In other words…it’s on.

ResearchBlogging.orgTurner-Stokes L, Kitzinger J, Gill-Thwaites H, Playford ED, Wade D, Allanson J, Pickard J, & Royal College of Physicians’ Prolonged Disorders of Consciousness Guidelines Development Group (2012). fMRI for vegetative and minimally conscious states. BMJ (Clinical research ed.), 345 PMID: 23190911

Walsh F, Simmonds F, Young GB, & Owen AM (2013). Panorama responds to editorial on fMRI for vegetative and minimally conscious states. BMJ (Clinical research ed.), 346 PMID: 23298817

CATEGORIZED UNDER: bad neuroscience, fMRI, media, papers
  • http://www.blogger.com/profile/12533263841520213358 William

    The boundaries between vegetative and partially conscious states are vague, especially given a sleep-wake cycle. This needs to be kept in mind, and not just by feuding journalists…

    Sparks can truly fly when an optimistic family sees evidence of a partially responsive loved one when the doctor has only seen the patient during their visits as vegetative. It can make for unneeded distrust and distress.

  • Anonymous

    Neuroskeptic,

    Off-topic, and may also be too far out of your wheelhouse, but hope you choose to post about this petition:
    http://1boringoldman.com/index.php/2013/01/16/click-it-and-sign-it/

  • DS

    Has all the markings of another “facilitated communication”.

  • http://petrossa.me/ petrossa.me

    wishful thinking and a faulty device makes for less then intelligent conclusions

  • http://www.blogger.com/profile/06647064768789308157 Neuroskeptic

    DS: Mmm. That is a worry, I don't think it has to be like that but that's a good example of why rigorous, blinded control conditions are needed.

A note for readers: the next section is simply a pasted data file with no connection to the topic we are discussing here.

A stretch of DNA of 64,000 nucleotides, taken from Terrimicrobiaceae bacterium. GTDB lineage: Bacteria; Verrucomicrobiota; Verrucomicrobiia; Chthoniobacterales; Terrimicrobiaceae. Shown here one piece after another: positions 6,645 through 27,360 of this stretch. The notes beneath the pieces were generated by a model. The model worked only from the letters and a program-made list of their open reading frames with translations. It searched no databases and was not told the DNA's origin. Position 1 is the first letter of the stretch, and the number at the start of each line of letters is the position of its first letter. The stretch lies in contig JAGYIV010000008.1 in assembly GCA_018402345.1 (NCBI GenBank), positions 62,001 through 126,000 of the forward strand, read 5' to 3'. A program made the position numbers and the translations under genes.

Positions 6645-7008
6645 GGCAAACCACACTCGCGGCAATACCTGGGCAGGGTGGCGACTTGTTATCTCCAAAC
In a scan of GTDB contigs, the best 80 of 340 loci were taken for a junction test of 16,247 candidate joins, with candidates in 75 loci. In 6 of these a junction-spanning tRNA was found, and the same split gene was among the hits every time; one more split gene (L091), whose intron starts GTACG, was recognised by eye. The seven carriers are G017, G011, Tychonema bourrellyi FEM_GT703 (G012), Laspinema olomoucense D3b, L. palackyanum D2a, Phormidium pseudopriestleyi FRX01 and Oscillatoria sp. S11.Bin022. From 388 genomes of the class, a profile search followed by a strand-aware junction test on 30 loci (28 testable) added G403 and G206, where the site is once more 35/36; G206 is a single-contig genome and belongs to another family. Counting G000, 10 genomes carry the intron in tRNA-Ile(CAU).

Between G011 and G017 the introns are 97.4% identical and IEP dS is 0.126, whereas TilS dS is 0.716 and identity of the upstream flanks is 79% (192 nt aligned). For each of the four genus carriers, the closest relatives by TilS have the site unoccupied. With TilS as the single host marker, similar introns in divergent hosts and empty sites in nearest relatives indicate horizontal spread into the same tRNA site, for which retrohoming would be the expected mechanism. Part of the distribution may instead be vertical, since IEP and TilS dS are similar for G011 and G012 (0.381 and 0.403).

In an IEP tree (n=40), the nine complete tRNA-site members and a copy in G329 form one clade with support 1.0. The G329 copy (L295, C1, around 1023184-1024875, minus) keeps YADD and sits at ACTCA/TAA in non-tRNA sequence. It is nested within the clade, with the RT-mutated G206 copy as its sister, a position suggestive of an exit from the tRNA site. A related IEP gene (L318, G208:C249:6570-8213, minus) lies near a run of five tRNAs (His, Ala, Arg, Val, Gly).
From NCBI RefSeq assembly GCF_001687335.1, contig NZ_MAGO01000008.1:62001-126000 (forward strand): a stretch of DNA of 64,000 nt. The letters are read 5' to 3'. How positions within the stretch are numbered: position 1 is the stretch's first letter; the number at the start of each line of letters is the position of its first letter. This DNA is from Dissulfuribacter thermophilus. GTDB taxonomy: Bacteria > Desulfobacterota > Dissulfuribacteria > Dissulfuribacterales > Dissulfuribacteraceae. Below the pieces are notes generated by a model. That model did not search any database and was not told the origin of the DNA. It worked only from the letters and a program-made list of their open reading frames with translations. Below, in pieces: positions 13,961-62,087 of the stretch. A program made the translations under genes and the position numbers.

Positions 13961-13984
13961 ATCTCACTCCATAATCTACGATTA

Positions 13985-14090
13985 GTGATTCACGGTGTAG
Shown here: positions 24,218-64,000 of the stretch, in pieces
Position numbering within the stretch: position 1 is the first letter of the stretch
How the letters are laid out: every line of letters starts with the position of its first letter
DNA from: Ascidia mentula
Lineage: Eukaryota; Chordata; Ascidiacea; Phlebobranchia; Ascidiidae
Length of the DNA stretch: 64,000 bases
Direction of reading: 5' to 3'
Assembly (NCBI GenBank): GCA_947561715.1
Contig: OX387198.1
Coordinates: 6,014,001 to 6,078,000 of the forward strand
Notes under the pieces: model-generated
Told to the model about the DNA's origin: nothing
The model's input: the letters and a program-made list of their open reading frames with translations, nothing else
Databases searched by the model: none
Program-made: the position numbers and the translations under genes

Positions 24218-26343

• Adam S.

    Your last comment seems to be based on a misunderstanding. The Owen group isn't arguing that the patients “were vegetative” but still conscious and able to follow commands. That would be incoherent, given the definition of “vegetative”. They are arguing that patients who were previously diagnosed as being vegetative, using the best possible behavioral measures, were actually responsive in imaging tasks and hence should *not* be regarded as vegetative. In other words, they're arguing that the criteria for diagnosing whether patients are vegetative should be changed.

  • http://www.blogger.com/profile/06647064768789308157 Neuroskeptic

    Adam: That was a bit sloppy yes. What I meant was, the critics were saying, based on TV footage, that they were (behaviourally) MC and Owen et al maintained that they were in fact behaviourally vegetative – hence why the fMRI results are so important.

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Neuroskeptic

No brain. No gain.

About Neuroskeptic

Neuroskeptic is a British neuroscientist who takes a skeptical look at his own field, and beyond. His blog offers a look at the latest developments in neuroscience, psychiatry and psychology through a critical lens.